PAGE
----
- Joint life, first death – starting at 18 years old and ending at a maximum age of 75 years for the oldest saver
- Joint life second death – starting at 18 years old and ending at a maximum age of 75 years for the youngest saver
For example, a saver aged 18 can take a policy that ends when they are 48 years old, while a 48 year old has the upper age limit of 75 years, giving a maximum policy term of 27 years.
An expat can only take out a 30 year savings plan up to the age of 45 years old, while 70 is the oldest age a plan can start.
Expats can choose to save in one of five major currencies –
- US dollar (USD)
- Euro (EUR)
- GB Pounds (GBP)
- Australian dollar
- Japanese yen
Each currency comes with different minimum premiums, but there are no maximum premiums.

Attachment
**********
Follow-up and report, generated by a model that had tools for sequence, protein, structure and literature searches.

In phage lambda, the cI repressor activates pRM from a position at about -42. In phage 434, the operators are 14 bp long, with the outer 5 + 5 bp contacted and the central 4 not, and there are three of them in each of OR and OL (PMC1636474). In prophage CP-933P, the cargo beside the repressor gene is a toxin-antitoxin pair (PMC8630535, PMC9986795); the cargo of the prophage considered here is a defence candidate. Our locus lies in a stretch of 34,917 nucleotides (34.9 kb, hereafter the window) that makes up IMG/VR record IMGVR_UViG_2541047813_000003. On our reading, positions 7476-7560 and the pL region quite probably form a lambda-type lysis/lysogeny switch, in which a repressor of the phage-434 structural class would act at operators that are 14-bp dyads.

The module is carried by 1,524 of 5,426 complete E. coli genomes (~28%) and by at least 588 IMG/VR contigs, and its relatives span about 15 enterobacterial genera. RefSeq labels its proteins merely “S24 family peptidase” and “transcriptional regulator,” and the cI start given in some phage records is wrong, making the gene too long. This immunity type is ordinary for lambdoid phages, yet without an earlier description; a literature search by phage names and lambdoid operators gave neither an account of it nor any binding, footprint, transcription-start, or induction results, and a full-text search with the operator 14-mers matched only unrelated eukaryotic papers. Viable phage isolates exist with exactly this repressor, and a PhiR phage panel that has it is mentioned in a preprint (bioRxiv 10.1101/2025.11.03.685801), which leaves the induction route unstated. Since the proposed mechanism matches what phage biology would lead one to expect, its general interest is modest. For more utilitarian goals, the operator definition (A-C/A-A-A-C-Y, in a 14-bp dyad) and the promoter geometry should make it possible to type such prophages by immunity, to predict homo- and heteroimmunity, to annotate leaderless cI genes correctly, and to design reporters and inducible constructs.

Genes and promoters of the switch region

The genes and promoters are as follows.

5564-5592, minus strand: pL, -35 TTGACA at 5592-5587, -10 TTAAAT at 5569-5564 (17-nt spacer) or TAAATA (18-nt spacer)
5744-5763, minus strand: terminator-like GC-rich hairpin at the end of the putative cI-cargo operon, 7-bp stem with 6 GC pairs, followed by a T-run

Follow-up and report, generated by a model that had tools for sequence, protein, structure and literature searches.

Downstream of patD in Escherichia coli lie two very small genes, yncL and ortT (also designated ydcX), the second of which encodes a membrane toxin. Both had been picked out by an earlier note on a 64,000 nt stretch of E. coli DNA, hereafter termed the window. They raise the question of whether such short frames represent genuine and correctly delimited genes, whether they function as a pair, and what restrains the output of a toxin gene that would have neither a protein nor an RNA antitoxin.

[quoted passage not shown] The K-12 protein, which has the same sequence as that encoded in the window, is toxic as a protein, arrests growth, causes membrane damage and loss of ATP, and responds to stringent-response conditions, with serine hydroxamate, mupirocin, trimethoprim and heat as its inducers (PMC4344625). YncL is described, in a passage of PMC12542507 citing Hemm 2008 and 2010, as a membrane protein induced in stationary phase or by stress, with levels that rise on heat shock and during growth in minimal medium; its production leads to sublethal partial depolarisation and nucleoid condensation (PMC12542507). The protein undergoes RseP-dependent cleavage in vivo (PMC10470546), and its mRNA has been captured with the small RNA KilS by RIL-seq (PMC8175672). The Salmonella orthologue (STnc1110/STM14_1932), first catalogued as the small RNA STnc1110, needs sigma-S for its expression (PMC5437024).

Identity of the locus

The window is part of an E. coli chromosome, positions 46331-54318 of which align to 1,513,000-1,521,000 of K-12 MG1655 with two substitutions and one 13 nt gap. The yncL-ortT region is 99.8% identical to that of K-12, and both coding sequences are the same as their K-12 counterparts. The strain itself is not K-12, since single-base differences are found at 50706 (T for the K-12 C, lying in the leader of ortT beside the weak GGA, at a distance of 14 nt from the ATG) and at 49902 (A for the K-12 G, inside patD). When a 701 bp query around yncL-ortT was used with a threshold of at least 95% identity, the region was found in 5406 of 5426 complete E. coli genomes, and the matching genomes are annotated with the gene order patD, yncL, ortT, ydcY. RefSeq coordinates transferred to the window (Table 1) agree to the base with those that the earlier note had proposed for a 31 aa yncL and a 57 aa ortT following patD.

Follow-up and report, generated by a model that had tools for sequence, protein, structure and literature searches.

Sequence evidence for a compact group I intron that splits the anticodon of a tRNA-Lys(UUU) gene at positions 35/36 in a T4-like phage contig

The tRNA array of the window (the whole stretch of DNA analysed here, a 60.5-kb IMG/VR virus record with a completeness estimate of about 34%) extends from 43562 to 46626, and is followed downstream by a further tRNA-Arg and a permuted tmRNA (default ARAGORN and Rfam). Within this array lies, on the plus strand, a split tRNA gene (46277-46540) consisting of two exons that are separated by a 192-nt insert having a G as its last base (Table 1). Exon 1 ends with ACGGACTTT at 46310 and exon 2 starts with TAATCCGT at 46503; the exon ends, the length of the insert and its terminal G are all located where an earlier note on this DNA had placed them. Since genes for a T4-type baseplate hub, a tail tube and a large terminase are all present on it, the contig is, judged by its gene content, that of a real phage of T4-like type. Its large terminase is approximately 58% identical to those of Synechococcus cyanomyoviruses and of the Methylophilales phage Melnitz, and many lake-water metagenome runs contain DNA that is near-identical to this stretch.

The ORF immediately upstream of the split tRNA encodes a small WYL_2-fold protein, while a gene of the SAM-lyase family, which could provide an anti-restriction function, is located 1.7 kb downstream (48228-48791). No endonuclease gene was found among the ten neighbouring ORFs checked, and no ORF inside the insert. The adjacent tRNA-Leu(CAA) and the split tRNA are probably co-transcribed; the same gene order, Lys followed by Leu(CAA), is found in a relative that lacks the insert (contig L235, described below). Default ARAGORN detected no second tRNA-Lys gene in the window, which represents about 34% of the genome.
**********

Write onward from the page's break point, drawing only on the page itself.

Premium levels can be increased at any time by at least 5%.
They can also be decreased, but must be the same or more as the minimum levels in the tables below.
Minimum regular premiums
Amounts in brackets are minimum premiums for plans lasting 10 years or less
|US dollar||300 (600)||900 (1,800)||1800 (3600)||3600 (7200)|
|British Pound||200 (400)||600 (1,200)||1200 (2400)||2400 (4800)|
|Euro||270 (540)||810 (1620)||1620 (3240)||3240 (6480)|
|Australian dollar||288 (576)||864 (1728)||1728 (3456)||3456 (6912)|
|Japanese yen||40000 (80000)||120000 (240000)||240000 (480000)||480000 (960000)|
Minimum premiums for each fund
Minimum fund premiums dictate the number of funds a saver can invest in at their level of contribution.
The Providence Compass Saving Plan only allows savers to invest in up to 10 funds at a time, so a US expat wanting to invest across 10 funds would have to pay in at least $600 a month to do so.